Nutrition & Lifestyle impacts our mental condition

Advances in the scientific understanding of how lifestyle and nutritional factors directly influence brain function are now beginning to transform how we understand, assess and treat mental health problems.

The link between nutrition and mental health is an exciting and emerging field with thousands of scientific publications validating the importance of nutrition in the assessment and treatment of mental health conditions.

The evidence for the use of nutritional and lifestyle based assessment and treatment strategies for mental health conditions is now so impressive that there have been calls to make these interventions a key part of mental health treatment alongside psychological therapy and medication (http://www.ncbi.nlm.nih.gov/pubmed/26359904).

Nutrients influence brain function in four important ways:

  1. Nutrients regulate energy supply to the brain

The brain is the most metabolically active organ, using up around 20% of all the calories you consume. Problems with regulating energy supply to the brain can lead to symptoms which are commonly seen in depression and anxiety, including fatigue, poor concentration, and nervous tension.

  1. Nutrients are essential for neurotransmitter production

Neurotransmitters are chemical messengers which allow brain cells (neurons) to communicate with one another as well as with other body systems. Probably the most well-known neurotransmitter is serotonin due to the critical role serotonin plays in regulating mood and protecting against depression. Take a look below at a simplified version of how serotonin is made.

As can be seen, the production of serotonin requires multiple steps, each of which is dependent on a number of nutrients which act as co-factors or enzymes. You will also notice that optimal serotonin production also leads to production of melatonin, a neurohormone which regulates our sleep-wake cycle.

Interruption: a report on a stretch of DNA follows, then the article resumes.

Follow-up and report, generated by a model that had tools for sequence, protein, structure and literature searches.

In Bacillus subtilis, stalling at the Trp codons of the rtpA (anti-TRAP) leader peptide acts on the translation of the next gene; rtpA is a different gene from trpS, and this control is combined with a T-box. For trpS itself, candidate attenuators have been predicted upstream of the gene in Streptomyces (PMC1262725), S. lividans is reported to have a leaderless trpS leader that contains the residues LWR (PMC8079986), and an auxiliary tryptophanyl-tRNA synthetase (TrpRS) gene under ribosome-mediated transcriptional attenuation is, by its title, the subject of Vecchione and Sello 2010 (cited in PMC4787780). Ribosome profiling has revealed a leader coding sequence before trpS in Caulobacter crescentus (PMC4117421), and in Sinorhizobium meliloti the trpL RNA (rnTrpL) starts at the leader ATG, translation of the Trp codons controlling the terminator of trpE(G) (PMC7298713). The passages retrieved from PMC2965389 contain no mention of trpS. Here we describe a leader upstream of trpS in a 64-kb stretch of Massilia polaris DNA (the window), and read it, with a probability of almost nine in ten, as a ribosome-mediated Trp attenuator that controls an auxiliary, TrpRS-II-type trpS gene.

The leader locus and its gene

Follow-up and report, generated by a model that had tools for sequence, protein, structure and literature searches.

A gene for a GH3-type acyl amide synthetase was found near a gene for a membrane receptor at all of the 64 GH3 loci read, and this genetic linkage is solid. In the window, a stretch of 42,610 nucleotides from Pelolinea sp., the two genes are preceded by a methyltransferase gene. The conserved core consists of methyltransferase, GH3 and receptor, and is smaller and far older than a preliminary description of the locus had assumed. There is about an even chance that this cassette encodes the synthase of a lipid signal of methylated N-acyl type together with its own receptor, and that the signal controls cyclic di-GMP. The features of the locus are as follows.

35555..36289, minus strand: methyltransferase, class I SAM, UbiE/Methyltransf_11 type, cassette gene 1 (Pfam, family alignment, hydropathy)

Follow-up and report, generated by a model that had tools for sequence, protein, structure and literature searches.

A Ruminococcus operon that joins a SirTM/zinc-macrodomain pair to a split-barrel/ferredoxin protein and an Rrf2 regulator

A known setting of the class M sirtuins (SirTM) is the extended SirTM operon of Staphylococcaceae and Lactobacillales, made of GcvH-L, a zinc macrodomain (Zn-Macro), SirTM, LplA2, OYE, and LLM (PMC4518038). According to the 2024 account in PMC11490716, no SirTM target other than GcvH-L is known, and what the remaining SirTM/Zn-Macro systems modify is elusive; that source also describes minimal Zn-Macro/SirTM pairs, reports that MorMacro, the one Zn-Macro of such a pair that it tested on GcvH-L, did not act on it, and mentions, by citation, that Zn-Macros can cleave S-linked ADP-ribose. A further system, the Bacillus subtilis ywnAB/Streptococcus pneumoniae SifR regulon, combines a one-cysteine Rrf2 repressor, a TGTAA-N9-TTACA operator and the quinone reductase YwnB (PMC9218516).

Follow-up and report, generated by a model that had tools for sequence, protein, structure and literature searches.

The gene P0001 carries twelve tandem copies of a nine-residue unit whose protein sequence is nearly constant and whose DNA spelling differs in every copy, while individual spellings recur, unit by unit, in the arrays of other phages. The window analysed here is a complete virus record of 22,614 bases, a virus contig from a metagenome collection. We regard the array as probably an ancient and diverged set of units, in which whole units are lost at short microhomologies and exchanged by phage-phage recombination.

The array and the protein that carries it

• 3. Nutrients protect the brain from oxidative stress or free radicals

The brain’s high level of metabolic activity generates a high number of rogue molecules known as ‘free radicals’. Free radicals are unstable molecules with an unpaired electron which can damage brain cells and lead to chronic activation of specialised immune cells in the brain called microglia. Microglia activation places the brain on high alert and if our microglia are chronically switched on they can lead to devastating damage to our neurons. Such damage not only impairs mental health but can eventually culminate in neurological diseases. Nutrients help keep free radicals in the brain in check because nutrients act as generous electron donors (antioxidants), neutralising the harm of free radicals. Vitamin C is an example of a nutrient which is also an antioxidant. The brain contains high levels of Vitamin C.

  • 4. Nutrients regulate genetic expression in the brain

Perhaps the most profound impact nutrients have on the brain is their ability to regulate genetic expression (how and when genes are switched on). One nutrient which has been found to play an important role in this respect is Vitamin D. Vitamin D receptors are widely distributed in the brain and Vitamin D directly influences genetic expression of both brain and immune system cells. Vitamin D deficiency, in addition to its well known impacts on bone heath, has now been shown to be associated with increased rates of depression, dementia and parkinson’s disease. Exciting discoveries continue to be made in this ground breaking area.

Assessment strategies incorporating nutrition and lifestyle can include:

  • Screening for micronutrient (vitamin and mineral) deficiencies. Common deficiencies found in individuals experiencing mental health problems include Vitamin D, Zinc, Folate and the Omega-3 fatty acids (EPA and DHA).
  • Assessing nutrient status as well as potential heavy metal toxicities using hair mineral tissue analysis (HTMA)
  • Advanced diagnostic testing (biochemical, genetic) for complex and chronic cases that have not adequately responded to previous psychiatric and psychological treatments

Treatment strategies incorporating nutrition and lifestyle can include:

  • Providing guidance on optimising dietary intake for optimal mental functioning
  • Providing guidance on the use of exercise as a treatment for depression and anxiety
  • Providing guidance on regulating the sleep-wake cycle
  • Providing guidance on nutritional supports tailored to the presenting problem/s

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